What the hell does select() do?

Warning – This could be wrong

And no guarantees, either. I’m thinking out loud, exposing my ignorance.

Perhaps I should read up on what select() is intended to do: If none of the fd’s File Descriptors (which may be threads) has anything to do, then the process is blocked until one of them (which may be a thread) has data available to read/write/exception (aka error or timeout) and then number of fd’s passed in to select that wouldn’t block on a read/write op is returned. Think read for illustration purposes.

I prefer not to know the gritty details of how that happens when my mouse moves, but that fd would have data that is ready to read so if select was blocked waiting for mouse movements or keyboard clicks or TCP-IP packet arrival it would unblock the process and report to the select() caller that one of the watched fd’s is ready to be read (for illustration).

Thats what the shoes_app_g_poll does. It takes a set of Gtk fd’s (read set, write set, exception set) and if none of them has anything to do it tells the OS to not run me until something happens on those fd’s. So it waits for a mouse click or a key-press. Then the caller has to sort out which event happened and call the Shoes code needed to respond to it. There’s a lot code to make that translation from mouse click to executing the { block} attached to a button in your script. That works. It has worked for years and years in Linux. Native Windows and OSX are slightly different but they do the same thing: call some Shoes code. Thats the 10,000ft view.

Now we need to look at what Shoes/GTK/Windows does instead of the Shoes/GTK/Linux that just works. For Windows, Shoes/GTK only works for a few minutes until Windows in it’s mommy loving wisdom decides the application is hung and “not responding”. It also use 100% of 1 cpu core doing nothing which is anti-social. Even though you might thing its working just fine for a while, Mommy thinks its hung.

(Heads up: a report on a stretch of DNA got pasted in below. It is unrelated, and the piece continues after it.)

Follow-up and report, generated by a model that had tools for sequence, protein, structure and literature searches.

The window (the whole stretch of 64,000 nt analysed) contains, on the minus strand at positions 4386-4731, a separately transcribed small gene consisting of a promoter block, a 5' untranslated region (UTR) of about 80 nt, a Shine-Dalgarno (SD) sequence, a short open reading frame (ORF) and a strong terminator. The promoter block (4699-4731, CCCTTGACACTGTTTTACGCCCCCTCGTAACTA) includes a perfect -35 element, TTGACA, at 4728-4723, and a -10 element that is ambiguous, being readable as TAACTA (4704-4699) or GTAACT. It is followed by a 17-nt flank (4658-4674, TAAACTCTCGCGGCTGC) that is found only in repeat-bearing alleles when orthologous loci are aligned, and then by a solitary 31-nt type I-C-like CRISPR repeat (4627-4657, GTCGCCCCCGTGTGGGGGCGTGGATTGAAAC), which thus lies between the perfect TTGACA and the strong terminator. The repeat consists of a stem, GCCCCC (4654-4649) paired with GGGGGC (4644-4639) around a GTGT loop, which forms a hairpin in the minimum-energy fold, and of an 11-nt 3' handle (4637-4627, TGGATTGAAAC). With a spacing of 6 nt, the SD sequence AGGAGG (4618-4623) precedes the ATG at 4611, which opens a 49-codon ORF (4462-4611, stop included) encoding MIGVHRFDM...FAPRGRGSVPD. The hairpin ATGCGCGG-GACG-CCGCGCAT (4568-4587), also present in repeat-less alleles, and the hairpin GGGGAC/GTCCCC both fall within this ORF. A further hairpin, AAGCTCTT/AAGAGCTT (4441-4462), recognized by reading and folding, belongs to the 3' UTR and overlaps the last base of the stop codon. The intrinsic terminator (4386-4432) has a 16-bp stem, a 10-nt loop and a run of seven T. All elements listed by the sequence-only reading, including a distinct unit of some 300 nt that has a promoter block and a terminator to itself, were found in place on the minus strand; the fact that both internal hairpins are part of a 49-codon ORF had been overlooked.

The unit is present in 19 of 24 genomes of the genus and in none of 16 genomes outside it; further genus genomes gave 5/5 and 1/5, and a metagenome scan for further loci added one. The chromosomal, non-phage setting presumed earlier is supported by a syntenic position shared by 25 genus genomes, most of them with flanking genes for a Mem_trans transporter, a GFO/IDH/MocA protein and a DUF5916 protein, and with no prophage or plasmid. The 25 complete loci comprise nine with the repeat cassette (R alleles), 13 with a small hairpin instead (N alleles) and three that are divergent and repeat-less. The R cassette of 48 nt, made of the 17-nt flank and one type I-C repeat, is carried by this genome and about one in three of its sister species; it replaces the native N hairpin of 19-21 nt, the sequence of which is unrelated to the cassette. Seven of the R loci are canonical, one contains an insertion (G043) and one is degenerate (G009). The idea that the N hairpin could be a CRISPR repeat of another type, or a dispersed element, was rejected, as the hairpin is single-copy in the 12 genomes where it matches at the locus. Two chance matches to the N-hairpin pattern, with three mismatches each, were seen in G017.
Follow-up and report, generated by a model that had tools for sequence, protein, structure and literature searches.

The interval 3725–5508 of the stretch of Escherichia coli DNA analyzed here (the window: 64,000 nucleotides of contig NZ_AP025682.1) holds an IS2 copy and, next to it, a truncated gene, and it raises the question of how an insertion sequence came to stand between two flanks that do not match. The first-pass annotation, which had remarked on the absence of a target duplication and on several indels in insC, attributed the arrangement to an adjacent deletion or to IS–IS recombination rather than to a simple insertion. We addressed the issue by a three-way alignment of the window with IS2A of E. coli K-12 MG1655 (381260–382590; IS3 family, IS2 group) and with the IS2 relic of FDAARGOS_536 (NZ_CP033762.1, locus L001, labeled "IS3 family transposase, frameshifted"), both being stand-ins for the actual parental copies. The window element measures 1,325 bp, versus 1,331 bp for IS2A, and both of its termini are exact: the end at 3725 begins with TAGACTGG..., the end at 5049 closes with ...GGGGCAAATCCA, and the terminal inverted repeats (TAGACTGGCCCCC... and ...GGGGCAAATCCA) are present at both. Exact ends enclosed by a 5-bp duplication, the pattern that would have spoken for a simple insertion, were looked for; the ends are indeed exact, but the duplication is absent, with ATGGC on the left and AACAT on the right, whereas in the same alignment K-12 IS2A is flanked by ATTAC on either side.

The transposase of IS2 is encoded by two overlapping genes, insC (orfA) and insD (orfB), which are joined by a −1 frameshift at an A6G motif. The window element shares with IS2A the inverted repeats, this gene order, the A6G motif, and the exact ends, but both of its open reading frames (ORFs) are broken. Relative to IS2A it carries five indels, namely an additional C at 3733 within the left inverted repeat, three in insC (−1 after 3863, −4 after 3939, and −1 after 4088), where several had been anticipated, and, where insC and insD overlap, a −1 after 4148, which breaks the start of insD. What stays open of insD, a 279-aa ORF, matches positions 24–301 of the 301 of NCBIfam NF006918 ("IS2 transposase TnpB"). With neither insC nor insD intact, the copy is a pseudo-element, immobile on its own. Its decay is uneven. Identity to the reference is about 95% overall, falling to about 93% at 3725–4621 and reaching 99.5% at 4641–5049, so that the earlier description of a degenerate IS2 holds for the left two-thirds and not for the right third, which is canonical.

If you had read all the documentation and source code then you’d know that GTK/Windows file descriptors aren’t really like Linux fd’s. And you know the Ruby Windows has its own stdio and threading implementations. I didn’t understand that either. As it turns out Ruby/Windows file descriptors (fd) are not really like Linux fd’s either, And they aren’t like GTK/Windows fd’s because that would be too simple. For extra fun they both want to be opaque so programmers don’t have to know the details. Gtk does document it. Ruby? not so much (aka nada)

We’re flying just above ground now, heading for the marsh at the end of the landing strip unless we can get lift. Perhaps you’re thinking that I can’t match Windows/Gtk fd’s to Ruby’s fd (neither of which is like Linux fd’s except in opaqueness). I’m not sure I can move between them either. I’m not sure I want to fix anything for Windows.

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